We are developing the social individualist meta-context for the future. From the very serious to the extremely frivolous... lets see what is on the mind of the Samizdata people.

Samizdata, derived from Samizdat /n. - a system of clandestine publication of banned literature in the USSR [Russ.,= self-publishing house]

“A huge, stifling bubble”

How sad that the “huge, stifling bubble” being described is a university. I am not quite clear who wrote the following article for student magazine The Tab. The byline says Lucy Kehoe, a co-editor of Tab Liverpool, but the introduction suggests that she is quoting someone (a male) whose name is not given. Whoever wrote it, it is good to see someone fighting back:

Shutting down the ‘Pro-Life Society’ isn’t liberal — it’s the exact opposite

The way the campus majority reacted to the new ‘Pro-Life Society’ is symptomatic of a lot of what’s wrong with student politics right now. It was oppressive and deeply intolerant — ironically, exactly what opponents of the society claim they want to defeat.

Speaking as an atheist and staunch pro-choicer, the attempt to shut down the Liverpool University Pro-Life Society before they’ve even had a chance to go for an ice-breaker pint strikes me as a pretty a sinister development. Without trying to sound like a badly-damaged record, simply disagreeing with someone’s opinion does not warrant this person being banned from voicing this opinion, no matter how stark or severe the disagreement may be.

Let’s confront this together, fellow pro-choicers. The members of this society probably find your pro-choice views outrageous, too. Morally reprehensible. In some cases, your views are an insult to their deeply-held religious views.

So, if the Guild was to approve a future application from a pro-choice society, should that be kicked off campus, too? Clearly, the answer is no. Because their outrage doesn’t trump free speech — and neither does yours. When people (like myself) reflect on how wonderful university was, a word we are pretty much guaranteed to use is “diversity”. Diversity of race, religion and nationality. Of accents and hometowns. Of opinion and perspective.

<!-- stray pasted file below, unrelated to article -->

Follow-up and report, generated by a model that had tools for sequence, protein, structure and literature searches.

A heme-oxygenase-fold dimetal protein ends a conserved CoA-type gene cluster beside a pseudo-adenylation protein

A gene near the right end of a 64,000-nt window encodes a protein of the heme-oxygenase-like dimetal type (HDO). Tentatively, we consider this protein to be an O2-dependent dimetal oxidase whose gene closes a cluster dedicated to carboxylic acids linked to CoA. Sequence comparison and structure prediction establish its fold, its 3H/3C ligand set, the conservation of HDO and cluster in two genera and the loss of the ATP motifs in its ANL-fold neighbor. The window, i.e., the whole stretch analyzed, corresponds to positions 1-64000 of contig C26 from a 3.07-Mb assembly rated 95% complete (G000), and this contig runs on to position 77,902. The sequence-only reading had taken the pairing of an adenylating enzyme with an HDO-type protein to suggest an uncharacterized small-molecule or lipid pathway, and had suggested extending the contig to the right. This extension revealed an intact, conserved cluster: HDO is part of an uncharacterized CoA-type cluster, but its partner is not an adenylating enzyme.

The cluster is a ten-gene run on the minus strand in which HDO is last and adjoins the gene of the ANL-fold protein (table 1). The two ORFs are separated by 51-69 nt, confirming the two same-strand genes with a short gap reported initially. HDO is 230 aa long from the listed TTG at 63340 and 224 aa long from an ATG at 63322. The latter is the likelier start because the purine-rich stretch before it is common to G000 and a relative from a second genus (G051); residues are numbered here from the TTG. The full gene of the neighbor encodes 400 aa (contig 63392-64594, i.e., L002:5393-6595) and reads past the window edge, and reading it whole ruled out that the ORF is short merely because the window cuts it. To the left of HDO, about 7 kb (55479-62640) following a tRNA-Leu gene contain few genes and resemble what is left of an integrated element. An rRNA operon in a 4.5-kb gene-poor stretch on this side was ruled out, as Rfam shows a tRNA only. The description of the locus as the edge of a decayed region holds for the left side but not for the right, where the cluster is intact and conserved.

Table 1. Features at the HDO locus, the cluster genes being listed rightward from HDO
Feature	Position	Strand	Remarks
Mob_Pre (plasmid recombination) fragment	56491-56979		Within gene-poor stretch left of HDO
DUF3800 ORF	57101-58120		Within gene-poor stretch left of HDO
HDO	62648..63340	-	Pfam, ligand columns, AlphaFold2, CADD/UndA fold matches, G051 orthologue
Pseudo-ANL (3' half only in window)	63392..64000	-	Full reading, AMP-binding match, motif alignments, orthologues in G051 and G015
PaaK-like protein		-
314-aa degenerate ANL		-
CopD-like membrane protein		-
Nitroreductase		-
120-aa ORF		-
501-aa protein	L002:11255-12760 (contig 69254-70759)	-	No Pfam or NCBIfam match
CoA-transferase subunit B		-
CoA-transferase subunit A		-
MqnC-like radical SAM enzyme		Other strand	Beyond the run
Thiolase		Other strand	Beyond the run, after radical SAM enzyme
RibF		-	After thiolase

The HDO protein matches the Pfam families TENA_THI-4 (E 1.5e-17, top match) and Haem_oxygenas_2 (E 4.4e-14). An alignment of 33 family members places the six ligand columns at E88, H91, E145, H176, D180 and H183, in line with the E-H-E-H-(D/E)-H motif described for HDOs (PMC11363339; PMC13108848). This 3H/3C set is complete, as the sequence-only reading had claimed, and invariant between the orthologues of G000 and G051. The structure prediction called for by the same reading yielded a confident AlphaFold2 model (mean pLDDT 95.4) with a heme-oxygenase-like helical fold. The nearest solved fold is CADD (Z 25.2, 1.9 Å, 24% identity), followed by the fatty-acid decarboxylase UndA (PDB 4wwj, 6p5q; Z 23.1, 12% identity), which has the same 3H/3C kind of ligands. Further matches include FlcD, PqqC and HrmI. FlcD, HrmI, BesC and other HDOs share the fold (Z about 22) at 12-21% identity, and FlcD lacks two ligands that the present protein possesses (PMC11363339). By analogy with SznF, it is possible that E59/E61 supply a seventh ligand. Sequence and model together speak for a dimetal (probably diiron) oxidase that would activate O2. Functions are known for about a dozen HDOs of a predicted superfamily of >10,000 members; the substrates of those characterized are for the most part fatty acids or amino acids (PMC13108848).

Campuses are places where opinions should be held freely, exchanged in good will and perhaps even debated where necessary. This is the essence of a mature democracy. It’s the basics, really. But this is under attack. No longer is the university an open, tolerant, marketplace of ideas, but a huge, stifling bubble where any group united by a conservative point of view risks being delegitimised by the opinion police.

So far as I know the society has not been banned, but everybody took quite seriously the idea that its suppression should be discussed. The petition to ban it started by a student called Katriana Ciccotto read in part:

“As a female student, I feel completely betrayed, insulted and neglected by the Guild’s recent approval of the pro-life society.

As a female whose student days are long gone, I feel completely wearied by reading political statements that start with “As a female I feel completely [insert line of sad face emoticons here]”. Honestly, kids, feminism once meant something quite different to this. At least with mansplaining you might learn something; a headache is all you get from being in range of womemoting.

“This is a society that is founded on the sole basis that women should oblige to their beliefs. One that denies a woman the right to her own body. These are not religious ideas, they are misogynistic and hateful.

I do not know what “oblige to their beliefs” means nor why it is meant to be a bad thing. The statement “These are not religious ideas, they are misogynistic and hateful” is odd, too. Is it some sort of politically correct charm spell, recited to protect the speaker against accusations of Islamophobia? I am religious but would not claim for a microsecond that an idea being religious is logically incompatible with it being misogynistic and hateful. And while there certainly are those who oppose abortion on non-religious grounds, it is common knowledge that there are vast numbers, including many women of the sort modern feminists do not see, whose opposition to abortion is religious and they are proud to have it that way.

“Whilst I understand and the Guild’s policy towards freedom of speech, misogyny does not come under this category. Surely the Guild would undoubtedly disapprove of a society that promoted racism, homophobia or any other form of hate speech? Why is this different?